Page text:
Arabic Music in Canada
In 1986 there were 107,000 people of Arabic extraction in Canada. The first immigration, in 1882, brought only Syrians and Lebanese who, even in the 1970s, formed a majority of Arab-Canadians, though 17 nations were represented to some degree in the total.
In 1986 there were 107,000 people of Arabic extraction in Canada. The first immigration, in 1882, brought only Syrians and Lebanese who, even in the 1970s, formed a majority of Arab-Canadians, though 17 nations were represented to some degree in the total. (See also Egypt; Lebanon; Syria.) Arab-Canadians are of both urban and rural origin and include blue- and white-collar workers. The majority have settled in Calgary, Edmonton, Montreal, and Toronto.
Because of the diversity of Arab-Canadians' backgrounds, commercialized music - whether pop, or folk, or classical - with its supra-regional appeal, forms the core of most public performances intended for their enjoyment. The musicians for such performances generally include a solo singer accompanied by flud (lute) and darabukkah (drum). Qanun (zither), violin, or nay (flute) are used when available. The usual concert format is an uninterrupted sequence of solo songs of different types. The audience invariably dances the 'dabkah' (a Lebanese folk dance) and claps with the main beat. Such concerts may include non-Arabic dance music provided by a 'Western' band. Frequently, however, there is belly dancing, either by a professional dancer or by individual members of the audience. The belly dance also has become widely practised in Canada outside the Arab community. An important music and dance 'institiution' is the night club where much urban and popular music and belly dance are performed. Instrumentation now includes the electric organ and electric guitar. Most famous among night club performers was the violinist Michel el-Saf (d 1991). In private gatherings (weddings, birthdays, etc) authentic folk singing may take place, with or without instrumental accompaniment, among people from a particular locality who wish to invoke their common heritage. Authentic Arabic classical music generally is included in concerts for Syrian-Canadians as well as in those intended for Canadian audiences. The Classical Arabic Music Quintet of Toronto, renamed the Traditional Arabic Music Ensemble in 1978 and led by George Sawa, is noted for its performances of this repertoire. In Montreal B. Mobayed, J. Sarwa, and G. Sawaya perform on the violin, the qanun, and the flud respectively.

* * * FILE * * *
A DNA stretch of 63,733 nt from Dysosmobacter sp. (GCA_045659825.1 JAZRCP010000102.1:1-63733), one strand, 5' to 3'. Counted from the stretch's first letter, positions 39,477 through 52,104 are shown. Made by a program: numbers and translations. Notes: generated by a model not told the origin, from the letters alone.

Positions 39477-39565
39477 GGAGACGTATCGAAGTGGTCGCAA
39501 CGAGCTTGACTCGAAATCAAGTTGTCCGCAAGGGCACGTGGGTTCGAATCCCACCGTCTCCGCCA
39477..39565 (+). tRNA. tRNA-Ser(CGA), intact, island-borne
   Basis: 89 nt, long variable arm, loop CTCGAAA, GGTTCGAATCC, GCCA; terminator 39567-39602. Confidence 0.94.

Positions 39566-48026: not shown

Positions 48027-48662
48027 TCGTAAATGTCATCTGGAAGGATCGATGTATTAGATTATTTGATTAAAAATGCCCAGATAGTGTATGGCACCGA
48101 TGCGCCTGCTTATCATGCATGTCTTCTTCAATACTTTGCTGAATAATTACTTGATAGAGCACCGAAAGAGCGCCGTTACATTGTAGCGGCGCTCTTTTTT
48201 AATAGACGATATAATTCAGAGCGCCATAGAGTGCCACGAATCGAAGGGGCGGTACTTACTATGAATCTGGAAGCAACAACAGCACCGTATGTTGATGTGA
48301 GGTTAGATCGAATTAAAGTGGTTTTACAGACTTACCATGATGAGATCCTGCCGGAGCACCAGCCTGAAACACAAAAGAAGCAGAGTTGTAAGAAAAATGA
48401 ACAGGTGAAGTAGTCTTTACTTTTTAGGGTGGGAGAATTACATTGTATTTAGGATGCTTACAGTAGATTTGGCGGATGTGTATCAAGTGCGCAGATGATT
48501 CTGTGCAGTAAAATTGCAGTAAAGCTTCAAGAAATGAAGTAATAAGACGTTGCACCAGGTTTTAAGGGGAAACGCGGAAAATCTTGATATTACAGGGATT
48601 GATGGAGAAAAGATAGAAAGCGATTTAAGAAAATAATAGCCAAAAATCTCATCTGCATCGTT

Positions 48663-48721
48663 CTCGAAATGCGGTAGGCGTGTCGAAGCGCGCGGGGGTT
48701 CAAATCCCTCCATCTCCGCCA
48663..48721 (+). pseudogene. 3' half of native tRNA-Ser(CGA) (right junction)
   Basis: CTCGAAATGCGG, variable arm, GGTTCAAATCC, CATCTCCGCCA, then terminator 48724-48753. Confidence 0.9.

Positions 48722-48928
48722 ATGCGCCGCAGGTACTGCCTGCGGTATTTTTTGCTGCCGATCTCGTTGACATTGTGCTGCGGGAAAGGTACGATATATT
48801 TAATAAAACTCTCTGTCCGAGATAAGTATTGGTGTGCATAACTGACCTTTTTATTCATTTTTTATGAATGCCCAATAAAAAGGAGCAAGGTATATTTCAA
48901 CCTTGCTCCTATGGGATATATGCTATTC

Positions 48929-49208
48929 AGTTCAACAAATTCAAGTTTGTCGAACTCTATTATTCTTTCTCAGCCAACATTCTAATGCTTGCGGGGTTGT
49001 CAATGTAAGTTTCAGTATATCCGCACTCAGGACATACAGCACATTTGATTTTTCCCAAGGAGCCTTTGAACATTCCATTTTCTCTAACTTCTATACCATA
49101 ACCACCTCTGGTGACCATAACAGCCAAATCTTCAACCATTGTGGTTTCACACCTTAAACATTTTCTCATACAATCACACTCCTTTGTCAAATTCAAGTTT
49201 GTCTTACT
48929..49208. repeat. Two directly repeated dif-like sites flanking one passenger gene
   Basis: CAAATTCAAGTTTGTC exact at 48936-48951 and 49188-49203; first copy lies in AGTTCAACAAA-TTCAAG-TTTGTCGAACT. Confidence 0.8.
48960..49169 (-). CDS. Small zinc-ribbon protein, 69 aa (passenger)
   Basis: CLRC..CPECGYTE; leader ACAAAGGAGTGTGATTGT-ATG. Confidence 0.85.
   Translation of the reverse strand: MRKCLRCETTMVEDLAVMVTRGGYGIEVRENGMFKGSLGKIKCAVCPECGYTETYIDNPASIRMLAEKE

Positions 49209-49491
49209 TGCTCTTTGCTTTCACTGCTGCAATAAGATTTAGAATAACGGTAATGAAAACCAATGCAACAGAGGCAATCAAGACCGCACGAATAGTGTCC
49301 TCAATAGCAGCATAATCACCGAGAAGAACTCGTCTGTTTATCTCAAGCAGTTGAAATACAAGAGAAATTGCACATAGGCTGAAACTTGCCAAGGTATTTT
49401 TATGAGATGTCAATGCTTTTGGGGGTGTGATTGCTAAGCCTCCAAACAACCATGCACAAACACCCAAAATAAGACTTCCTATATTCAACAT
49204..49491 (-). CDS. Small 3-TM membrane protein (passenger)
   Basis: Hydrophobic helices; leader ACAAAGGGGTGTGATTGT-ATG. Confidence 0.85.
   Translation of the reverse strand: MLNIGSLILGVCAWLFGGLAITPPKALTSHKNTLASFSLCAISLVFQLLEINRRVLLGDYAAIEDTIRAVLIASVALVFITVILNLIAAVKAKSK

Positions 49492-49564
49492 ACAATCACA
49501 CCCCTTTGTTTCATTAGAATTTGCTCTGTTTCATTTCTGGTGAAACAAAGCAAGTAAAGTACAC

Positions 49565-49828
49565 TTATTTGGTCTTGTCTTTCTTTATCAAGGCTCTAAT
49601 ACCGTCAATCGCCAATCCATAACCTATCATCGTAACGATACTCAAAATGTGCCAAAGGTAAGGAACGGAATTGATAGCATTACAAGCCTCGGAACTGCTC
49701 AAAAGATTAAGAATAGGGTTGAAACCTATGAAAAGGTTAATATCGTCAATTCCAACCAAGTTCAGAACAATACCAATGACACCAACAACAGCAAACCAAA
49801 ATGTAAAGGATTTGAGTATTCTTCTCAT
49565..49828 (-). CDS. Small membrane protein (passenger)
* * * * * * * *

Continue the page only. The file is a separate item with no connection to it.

Arab-Canadians come from a wide variety of religious backgrounds. Among them are Muslims, Jews, and Christians of the Coptic, Syrian Orthodox, Syrian Greek Orthodox (Byzantine), Greek Catholic, Maronite, Melkite, and other sects. Muslims of Lebanese extraction erected the first mosque in North America in Edmonton in 1938.
The tradition of Qurflanic chanting in the mosque has remained intact under the supervision of trained Imams from the Arab world, who also lead occasional congregational singing. In the Christian churches, chant is performed by both priest and choir, and there is congregational singing of hymns. The sacred music of some churches (eg, Syrian Greek Orthodox) shows a high degree of acculturation in the use of organ, the four-part harmony of the chorale, and the English language. That of some others (eg, the Coptic and Syrian Orthodox Churches) has avoided Western influence largely through the retention of original languages.
Qureshi, Regula. 'Ethnomusicological research among Canadian communities of Arab and East Indian origin,' Ethnomusicology, vol 16, Sep 1972
Sawa, George D. 'Musical acculturation of the Arab-Canadian in Toronto,' unpublished report, National Museum of Man, Ottawa 1975